As you can see, the winds of change have blown through Kuwait creating many, many changes. This book captures a slice of time in Kuwait history, and a wealth of information you don’t even know you know. The ways Kuwaitis lived for generations have changed, just in the last 20 years. I was particularly taken with the author’s mention – several times – that women should not be seen tending to their daily housework – how many Kuwaiti women do you know who are doing housework?

There is a current controversy regarding removal of diwaniyyas constructed on public grounds – if this is an old and accepted tradition, perhaps some adjustment can be made, particularly where the diwaniyyas are not impeding public transport or walking paths? Perhaps some can be “grandfathered”, i.e. exceptions made because of historical location?

Meanwhile, my Kuwaiti friends, sorry for boring you with these descriptions of your family dwellings; you already know all this, but the rest of the world does not, and I wanted to share this with those who follow this blog because they find you exotic and fascinating. 🙂 You really need to add this book to your libraries, as a record of a way of life that seems to be slipping all to quickly into the past.

February 27, 2008 Posted by | Arts & Handicrafts, Building, Community, Cultural, Family Issues, Kuwait, Living Conditions, Local Lore, Privacy, Social Issues, Women's Issues | , , , | 8 Comments

History of Architecture in Old Kuwait City (3)

I am quoting so much from Saleh Abdulghani Al-Mutawa. Architect, that you may think you don’t need to run out and buy the book but I assure you, I am only sharing with you a few of the gems I found within. The author has done so much research with such loving attention that the book is full of treasure, every page offers something worthy.

The Year of Demolish
It is a sad memorial in Kuwait’s history. In Rajab 1289 A.H. (i.e. in the middle of the nineteenth century), heavy rains accompanied by severe winds hit the old Kuwait city, and demolished most of the mud houses. Sea waves went high and hit and wrecked ships. It was a disaster for Kuwaitis.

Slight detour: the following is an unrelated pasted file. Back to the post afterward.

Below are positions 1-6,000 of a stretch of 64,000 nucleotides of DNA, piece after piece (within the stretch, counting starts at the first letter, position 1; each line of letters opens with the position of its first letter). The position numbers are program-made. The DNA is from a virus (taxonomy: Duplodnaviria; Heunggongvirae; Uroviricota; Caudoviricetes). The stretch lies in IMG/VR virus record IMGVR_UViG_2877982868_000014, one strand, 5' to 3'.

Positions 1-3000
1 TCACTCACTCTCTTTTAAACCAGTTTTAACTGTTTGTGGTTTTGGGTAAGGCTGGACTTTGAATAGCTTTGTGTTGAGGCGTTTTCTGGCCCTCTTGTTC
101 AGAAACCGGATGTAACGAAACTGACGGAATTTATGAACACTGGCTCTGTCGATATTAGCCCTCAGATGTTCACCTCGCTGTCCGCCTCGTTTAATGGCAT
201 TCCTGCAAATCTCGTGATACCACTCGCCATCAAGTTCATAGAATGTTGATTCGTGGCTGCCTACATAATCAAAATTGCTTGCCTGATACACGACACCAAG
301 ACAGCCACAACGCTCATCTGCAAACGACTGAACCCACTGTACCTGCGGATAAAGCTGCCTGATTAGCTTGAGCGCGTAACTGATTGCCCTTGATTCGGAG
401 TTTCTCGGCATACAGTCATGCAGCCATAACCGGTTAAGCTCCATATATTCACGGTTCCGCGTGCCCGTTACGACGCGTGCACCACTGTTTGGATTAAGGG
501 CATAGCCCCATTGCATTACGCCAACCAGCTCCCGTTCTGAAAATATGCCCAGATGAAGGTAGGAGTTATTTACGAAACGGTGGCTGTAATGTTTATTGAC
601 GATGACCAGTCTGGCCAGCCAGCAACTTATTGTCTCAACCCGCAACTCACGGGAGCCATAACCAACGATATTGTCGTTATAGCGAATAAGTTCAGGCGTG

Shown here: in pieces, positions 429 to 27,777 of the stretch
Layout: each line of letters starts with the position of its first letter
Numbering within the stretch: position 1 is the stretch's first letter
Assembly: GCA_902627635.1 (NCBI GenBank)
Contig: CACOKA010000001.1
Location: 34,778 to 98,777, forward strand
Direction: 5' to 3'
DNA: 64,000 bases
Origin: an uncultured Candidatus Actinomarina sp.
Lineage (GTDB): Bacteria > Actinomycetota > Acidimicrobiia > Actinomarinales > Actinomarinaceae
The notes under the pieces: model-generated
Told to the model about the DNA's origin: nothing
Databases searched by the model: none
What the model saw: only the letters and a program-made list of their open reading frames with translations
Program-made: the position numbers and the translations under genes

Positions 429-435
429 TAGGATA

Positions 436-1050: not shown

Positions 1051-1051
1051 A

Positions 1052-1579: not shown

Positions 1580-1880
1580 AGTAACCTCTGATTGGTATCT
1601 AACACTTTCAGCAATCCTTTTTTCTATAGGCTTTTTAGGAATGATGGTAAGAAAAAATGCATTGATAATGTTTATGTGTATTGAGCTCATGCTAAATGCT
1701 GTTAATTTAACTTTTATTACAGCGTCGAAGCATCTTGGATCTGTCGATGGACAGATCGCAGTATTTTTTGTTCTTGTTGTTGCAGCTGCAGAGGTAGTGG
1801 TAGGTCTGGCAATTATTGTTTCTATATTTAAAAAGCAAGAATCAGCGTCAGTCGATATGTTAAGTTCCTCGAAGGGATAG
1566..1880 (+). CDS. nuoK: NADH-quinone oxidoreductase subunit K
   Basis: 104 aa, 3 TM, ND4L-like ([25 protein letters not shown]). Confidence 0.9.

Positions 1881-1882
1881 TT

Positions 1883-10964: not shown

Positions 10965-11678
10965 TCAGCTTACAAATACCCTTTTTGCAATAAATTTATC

A second natural disaster took place in Kuwait on 30 November 1954 when heavy rains fell and demolished houses and forced 18,000 Kuwaitis to seek refuge in newly built schools. Houses built of mud and a little cement were severely affected, while houses built of rock were not affected.

My Kuwait friends – tonight, instead of going out in your cars, stay home! Sit with your grandparents and ask them about the house they grew up in. Ask them about the meals they cooked. Ask them about the heavy rains, so heavy that they could destroy houses and force 18,000 Kuwaitis to abandon their homes and go stay in schools. These are amazing stories – learn your stories from your grandparents . . . and then come tell us all the stories in your own blogs. If you don’t have a blog, or if you want to share here, you are welcome.

Some of my Kuwait friends ask why I care more about these things than the Kuwaitis. First – my Kuwaiti friends care. In my country, we call these people “the silent majority.” Every now and then the majority energizes and asserts itself. Kuwaitis care. Change is happening, it happens slowly. Keep the faith.

Second – I live here. I may not be Kuwaiti, but I care about the places where I live. If God has placed me here, I trust that he has his reasons, and it is my obligation to him to learn as much as I can and to serve – wherever he may place me. He placed me in Kuwait.

Tomorrow I will print my very favorite part of this book – where it describes family living. Meanwhile, run out and buy your own copy. There is so much I am not covering. This book is a part of your heritage.

February 26, 2008 Posted by | Arts & Handicrafts, Blogging, Books, Building, Community, Cultural, Friends & Friendship, Generational, Kuwait, Living Conditions, Local Lore, Weather | , , | 7 Comments